An old doctor friend tells me the age of 60 was the cut off for admission to ICU in the hard-worked public hospital system when he started his training.
The age limit lifted first to 70 as the odds/demands trade-off and medical technology improved.
It subsequently became somewhat undefined.
Decisions about how much effort, money and resources should go into attempting to prolong life are the daily business of the medical fraternity, whether at a very personal level off to the side of an ICU bed, the triage station during an emergency, or at the macro level of setting health budgets.
You could add such decisions to the aphorism about laws and sausages – they’re easier to respect if you don’t see them being made.
Now, under the COVID-driven glare of public attention, everyone with a keyboard and a platform has jumped into the ethical minefield – “it’s mainly the old and sick who are close to dying anyway …”
Subsequent pile-ons have been spectacular, especially with sillier clickbait efforts or when there’s a suspicion of barrow-pushing in the more cold-blooded economic arguments.
So I’d better stake my claim to an opinion early before I’m accused of being a granny killer by mentioning costs.
I left most of my lymphocytes in the Royal North Shore’s Cancer Centre last year. It will be quite a while before they will need to worry about social distancing. My prognosis is good, but the doc says it would be wise for me not to cop a dose of ’Rona.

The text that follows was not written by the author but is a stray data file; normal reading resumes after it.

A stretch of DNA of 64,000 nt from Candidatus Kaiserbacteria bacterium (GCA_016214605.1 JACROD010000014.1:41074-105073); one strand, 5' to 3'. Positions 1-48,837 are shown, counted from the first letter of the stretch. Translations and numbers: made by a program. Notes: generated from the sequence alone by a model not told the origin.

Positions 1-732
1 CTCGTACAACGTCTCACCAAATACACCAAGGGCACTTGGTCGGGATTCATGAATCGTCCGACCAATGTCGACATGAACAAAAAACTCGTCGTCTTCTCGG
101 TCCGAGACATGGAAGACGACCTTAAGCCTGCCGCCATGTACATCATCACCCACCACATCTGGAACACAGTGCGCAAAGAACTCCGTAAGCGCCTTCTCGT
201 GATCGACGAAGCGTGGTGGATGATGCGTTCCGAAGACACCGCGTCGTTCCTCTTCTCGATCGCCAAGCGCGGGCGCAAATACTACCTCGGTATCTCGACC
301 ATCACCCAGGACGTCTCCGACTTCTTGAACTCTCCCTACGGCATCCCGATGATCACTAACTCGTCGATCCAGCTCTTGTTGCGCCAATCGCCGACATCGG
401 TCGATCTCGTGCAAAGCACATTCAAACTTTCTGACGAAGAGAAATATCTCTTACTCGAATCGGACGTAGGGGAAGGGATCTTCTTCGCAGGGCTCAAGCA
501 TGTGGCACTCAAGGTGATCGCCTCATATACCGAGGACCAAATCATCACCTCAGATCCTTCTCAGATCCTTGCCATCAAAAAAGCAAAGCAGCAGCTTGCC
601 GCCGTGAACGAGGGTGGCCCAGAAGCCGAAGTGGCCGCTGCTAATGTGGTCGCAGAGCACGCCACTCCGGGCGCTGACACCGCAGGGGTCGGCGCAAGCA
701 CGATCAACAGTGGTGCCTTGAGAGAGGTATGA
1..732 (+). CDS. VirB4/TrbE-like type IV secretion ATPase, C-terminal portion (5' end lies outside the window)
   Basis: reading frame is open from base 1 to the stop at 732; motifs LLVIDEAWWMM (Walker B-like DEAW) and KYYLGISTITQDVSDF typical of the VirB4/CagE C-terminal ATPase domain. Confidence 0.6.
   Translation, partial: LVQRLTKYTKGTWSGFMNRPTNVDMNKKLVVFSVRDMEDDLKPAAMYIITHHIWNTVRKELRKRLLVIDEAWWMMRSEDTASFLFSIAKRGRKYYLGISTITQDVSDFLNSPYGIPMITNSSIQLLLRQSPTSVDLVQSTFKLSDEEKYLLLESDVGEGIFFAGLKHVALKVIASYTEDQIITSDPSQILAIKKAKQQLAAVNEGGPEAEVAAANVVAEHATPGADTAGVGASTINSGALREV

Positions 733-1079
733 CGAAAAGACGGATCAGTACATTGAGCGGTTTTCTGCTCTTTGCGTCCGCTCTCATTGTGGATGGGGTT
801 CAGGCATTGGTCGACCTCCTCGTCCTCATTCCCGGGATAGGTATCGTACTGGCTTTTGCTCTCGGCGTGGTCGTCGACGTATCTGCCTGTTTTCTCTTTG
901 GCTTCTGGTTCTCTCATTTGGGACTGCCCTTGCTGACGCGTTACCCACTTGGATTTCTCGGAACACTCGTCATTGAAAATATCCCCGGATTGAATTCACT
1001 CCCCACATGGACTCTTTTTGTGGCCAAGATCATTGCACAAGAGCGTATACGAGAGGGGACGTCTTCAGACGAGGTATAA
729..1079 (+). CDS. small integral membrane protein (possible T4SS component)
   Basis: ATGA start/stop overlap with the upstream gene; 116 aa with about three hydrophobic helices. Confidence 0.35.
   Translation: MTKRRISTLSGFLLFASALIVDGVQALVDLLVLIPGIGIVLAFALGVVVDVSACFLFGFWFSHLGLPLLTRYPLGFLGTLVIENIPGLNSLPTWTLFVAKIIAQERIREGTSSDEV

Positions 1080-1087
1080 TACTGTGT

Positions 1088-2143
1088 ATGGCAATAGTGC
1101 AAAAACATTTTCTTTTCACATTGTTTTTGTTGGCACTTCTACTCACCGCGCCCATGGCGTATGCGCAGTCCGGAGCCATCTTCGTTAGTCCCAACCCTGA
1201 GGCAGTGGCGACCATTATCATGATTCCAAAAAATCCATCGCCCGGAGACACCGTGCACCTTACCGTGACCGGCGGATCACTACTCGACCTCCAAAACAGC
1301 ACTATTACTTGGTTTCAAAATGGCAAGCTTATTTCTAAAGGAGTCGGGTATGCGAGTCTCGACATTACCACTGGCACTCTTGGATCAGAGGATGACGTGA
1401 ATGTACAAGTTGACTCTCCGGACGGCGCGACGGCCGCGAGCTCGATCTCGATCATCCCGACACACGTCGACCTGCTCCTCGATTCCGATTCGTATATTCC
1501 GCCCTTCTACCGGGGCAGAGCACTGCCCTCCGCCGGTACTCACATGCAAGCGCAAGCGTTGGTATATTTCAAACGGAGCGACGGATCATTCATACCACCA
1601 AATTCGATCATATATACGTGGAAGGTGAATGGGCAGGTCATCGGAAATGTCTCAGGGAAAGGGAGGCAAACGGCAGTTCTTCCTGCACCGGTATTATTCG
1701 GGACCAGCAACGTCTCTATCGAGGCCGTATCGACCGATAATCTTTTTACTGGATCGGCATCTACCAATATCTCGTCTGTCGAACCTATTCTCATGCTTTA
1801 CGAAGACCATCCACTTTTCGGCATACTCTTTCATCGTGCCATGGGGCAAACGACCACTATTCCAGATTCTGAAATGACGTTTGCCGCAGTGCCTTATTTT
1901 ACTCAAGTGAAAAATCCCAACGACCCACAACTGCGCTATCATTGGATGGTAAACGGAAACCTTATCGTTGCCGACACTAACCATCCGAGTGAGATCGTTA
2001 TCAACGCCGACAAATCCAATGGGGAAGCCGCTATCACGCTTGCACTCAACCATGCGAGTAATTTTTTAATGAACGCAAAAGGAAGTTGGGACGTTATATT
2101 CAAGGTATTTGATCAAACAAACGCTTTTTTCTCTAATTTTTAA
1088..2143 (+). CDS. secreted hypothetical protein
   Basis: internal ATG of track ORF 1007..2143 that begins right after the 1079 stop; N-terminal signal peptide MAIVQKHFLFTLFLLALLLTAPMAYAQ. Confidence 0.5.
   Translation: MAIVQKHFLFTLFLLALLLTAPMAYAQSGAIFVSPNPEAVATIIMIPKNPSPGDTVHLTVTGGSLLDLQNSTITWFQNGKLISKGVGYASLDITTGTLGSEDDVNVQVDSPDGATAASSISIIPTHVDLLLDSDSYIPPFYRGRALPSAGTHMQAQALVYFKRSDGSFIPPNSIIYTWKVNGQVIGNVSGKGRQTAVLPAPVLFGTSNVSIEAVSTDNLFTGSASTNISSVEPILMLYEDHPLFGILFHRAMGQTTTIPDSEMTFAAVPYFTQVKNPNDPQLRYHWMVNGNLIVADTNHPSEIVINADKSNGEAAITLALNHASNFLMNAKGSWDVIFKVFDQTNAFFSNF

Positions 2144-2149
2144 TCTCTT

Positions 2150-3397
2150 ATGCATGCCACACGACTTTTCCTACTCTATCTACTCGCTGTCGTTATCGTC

Thus I have some “skin in the game” when suggesting cost does come into the necessary decisions about how and when the current lockdown will be eased.
And it’s not just a what’s-best-for-business economic case.
There are present medical costs – other people’s lives – involved in minimising COVID deaths.
Otherwise preventable deaths
We see the horror of medical systems overrun in Italy and New York, count the statistics of high death rates there, get caught up in the local blame games – but we don’t see other costs we’re incurring.
For example, the Queensland government has wound back indigenous antenatal programs. That means some gestational diabetes won’t be picked up – potentially at a dreadful cost.
Breast cancer screening has been paused.
Will that mean a cohort of women will suffer from having their cancer detected late?
And there are worse examples from the safe distance of Britain’s National Health Service via the blog of Scottish doctor and self-proclaimed sceptic Malcolm Kendrick.
“Last week, in intermediate care, we sent two patients into the local hospital who were seriously ill,” Dr Kendrick wrote.
“They were both sent back almost immediately. They both died. Yes, they were ill, and may have died anyway. But I believe they should both have been admitted, and treated, and they could both still be alive. They died because of COVID.
“Ambulance crews are under very heavy pressure not to admit anyone unless absolutely necessary. Some of those, not admitted, will die.
“These people, all these people, are dying ‘because of’ COVID. Because of the fact that almost the entire focus of the NHS is now on COVID – to the virtual exclusion of anything else.
“Our local hospital now has more empty beds than at any time in history. Elective surgery has stopped, to free up resources.
“There is enormous managerial pressure to clear more and more people out of hospital, out of intermediate care beds, back home with little support available. Some of them will die because of this.”
The NHS, as good as it is compared with the American disaster, has its own problems.